“The police also closed the other offices of the party elsewhere in the country and prohibited any meeting in these premises,” he told AFP.
The move came after Ennahdha’s veteran leader Ghannouchi was arrested at his home in the capital Tunis, the latest in a string of opposition figures held.
Ennahdha was the largest party in Tunisia’s parliament before President Kais Saied dissolved the chamber in July 2021.
Since early February, authorities in the North African country have arrested more than 20 political opponents and personalities.
They have included politicians, former ministers, businessmen, trade unionists and the owner of Tunisia’s most popular radio station, Mosaique FM.
Saied, 65, claims those detained were “terrorists” involved in a “conspiracy against state security”.
Ennahdha vice-president Mondher Lounissi told a news conference late Monday that Ghannouchi had been taken to a police barracks for questioning and that his lawyers had not been allowed to attend.
His arrest came after media reports in which he allegedly said Tunisia would be threatened with “civil war” if political Islam, from which his party originated, were eradicated in the country.
A source at the interior ministry quoted by Tunisian media confirmed that Ghannouchi’s arrest was linked to these statements.
‘New phase in crisis’
Ghannouchi was the speaker of Tunisia’s parliament before Saied dissolved it and went on to seize wide-reaching powers through a series of moves opponents have dubbed a “coup”.
Opponents of Saied accuse him of reinstating autocratic rule in Tunisia, which was the only democracy to emerge from the Arab Spring uprisings in the Middle East region more than a decade ago.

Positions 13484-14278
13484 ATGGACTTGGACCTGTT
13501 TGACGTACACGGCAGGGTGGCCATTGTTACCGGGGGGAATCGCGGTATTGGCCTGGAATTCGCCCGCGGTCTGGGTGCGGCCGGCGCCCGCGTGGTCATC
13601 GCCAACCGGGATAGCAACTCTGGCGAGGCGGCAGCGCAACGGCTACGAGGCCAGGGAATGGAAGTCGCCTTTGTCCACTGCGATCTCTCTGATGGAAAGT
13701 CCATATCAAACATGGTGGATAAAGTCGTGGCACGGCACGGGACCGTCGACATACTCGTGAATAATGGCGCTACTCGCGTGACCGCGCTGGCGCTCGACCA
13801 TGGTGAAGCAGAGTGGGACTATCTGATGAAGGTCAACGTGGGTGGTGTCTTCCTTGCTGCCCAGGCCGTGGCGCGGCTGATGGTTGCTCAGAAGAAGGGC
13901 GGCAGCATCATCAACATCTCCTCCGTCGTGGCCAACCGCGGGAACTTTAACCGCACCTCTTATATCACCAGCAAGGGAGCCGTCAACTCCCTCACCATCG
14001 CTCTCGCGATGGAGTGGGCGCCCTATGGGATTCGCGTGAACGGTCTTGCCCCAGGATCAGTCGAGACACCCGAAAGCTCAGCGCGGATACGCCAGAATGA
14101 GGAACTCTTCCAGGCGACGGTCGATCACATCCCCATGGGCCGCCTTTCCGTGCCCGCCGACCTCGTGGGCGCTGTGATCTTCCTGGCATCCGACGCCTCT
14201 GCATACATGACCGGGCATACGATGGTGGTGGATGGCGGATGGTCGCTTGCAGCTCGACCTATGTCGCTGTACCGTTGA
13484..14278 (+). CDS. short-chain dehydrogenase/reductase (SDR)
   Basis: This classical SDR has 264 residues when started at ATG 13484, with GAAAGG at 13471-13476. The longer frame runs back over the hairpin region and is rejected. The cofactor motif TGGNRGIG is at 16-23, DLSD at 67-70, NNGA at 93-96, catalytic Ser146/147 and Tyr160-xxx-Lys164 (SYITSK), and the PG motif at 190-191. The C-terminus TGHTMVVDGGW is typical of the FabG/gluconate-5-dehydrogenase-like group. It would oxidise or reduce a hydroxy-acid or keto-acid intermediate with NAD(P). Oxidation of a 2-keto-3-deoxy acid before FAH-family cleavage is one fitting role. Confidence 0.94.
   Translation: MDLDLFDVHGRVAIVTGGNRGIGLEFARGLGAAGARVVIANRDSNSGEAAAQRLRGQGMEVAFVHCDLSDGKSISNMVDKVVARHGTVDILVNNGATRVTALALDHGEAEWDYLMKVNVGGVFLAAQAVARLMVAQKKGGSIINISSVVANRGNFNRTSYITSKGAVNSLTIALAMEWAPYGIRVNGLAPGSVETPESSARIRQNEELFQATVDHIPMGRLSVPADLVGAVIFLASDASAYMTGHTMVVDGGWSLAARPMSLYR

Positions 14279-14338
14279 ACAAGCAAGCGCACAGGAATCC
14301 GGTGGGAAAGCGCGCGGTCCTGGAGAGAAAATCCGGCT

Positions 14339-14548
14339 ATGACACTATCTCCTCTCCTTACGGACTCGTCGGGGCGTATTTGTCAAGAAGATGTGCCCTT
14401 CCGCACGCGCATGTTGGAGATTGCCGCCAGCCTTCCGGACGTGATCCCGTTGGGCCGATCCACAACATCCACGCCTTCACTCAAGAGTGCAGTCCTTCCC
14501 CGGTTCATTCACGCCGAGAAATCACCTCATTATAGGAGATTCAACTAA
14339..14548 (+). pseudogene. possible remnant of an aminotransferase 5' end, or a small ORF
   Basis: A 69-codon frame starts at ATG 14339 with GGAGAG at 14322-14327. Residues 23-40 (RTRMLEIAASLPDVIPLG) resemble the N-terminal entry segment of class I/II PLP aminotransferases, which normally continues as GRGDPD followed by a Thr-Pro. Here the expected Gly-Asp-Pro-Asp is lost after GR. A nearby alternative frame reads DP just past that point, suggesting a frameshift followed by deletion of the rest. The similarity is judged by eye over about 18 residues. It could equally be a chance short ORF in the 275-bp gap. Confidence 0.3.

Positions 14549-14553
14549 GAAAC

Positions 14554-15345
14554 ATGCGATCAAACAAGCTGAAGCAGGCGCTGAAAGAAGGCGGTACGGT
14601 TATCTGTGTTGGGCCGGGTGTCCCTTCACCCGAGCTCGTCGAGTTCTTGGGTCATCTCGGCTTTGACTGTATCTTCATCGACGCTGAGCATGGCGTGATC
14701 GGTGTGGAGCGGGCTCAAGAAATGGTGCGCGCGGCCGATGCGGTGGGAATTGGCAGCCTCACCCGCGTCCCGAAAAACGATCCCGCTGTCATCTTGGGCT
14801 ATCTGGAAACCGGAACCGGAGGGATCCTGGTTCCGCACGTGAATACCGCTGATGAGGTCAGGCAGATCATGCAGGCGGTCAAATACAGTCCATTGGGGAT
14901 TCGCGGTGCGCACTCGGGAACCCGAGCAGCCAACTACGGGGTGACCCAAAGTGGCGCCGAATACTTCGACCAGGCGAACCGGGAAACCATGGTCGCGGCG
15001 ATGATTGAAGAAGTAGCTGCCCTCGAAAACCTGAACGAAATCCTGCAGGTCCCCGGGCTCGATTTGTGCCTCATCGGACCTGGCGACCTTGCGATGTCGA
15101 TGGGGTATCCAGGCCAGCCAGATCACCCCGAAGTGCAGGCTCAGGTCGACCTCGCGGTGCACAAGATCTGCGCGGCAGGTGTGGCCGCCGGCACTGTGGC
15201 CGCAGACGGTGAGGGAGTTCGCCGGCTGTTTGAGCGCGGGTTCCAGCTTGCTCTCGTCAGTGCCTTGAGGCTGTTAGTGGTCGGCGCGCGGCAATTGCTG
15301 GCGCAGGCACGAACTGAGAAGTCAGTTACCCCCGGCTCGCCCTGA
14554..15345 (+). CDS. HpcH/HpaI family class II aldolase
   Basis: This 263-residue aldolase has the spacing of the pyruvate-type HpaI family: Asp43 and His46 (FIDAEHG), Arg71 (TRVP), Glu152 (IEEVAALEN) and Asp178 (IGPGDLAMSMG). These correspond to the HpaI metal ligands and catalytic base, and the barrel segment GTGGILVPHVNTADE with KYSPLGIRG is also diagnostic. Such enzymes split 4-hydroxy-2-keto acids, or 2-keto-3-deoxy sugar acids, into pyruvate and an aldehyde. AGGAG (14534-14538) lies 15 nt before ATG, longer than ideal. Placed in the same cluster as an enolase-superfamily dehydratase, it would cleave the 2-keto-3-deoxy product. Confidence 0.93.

After his dramatic power grab, he has ruled by decree, and last year rammed through a constitution that gave his office unlimited powers and neutered parliament.
Human rights groups have criticised the arrests, which targeted leading figures of the National Salvation Front (FSN), the main opposition coalition, which includes Ennahdha.
“The arrest of the leader of the most important political party in the country, and who has always shown his commitment to peaceful political action, marks a new phase in the crisis,” FSN head Ahmed Nejib Chebbi told AFP late Monday.
“This is blind revenge against opponents,” he added.
Ghannouchi appeared in court at the end of February on terror-related charges after being accused of calling police officers “tyrants”.
He had already been in court last November over allegations his party had helped jihadists travel to Iraq and Syria.
Before that, he was interrogated over alleged money laundering in relation to foreign donations for an Ennahdha-linked charity.
Ghannouchi was exiled for more than two decades under late dictator Zine El Abidine Ali, but returned following the country’s 2011 uprising to become a dominant figure in Tunisian politics.
But his star has gradually faded, with his detractors accusing him of being a master pragmatist who would do anything to stay in power.
While unable to gather an absolute majority, he has always managed to ensure that Ennahdha remained essential in the various coalitions since the uprising.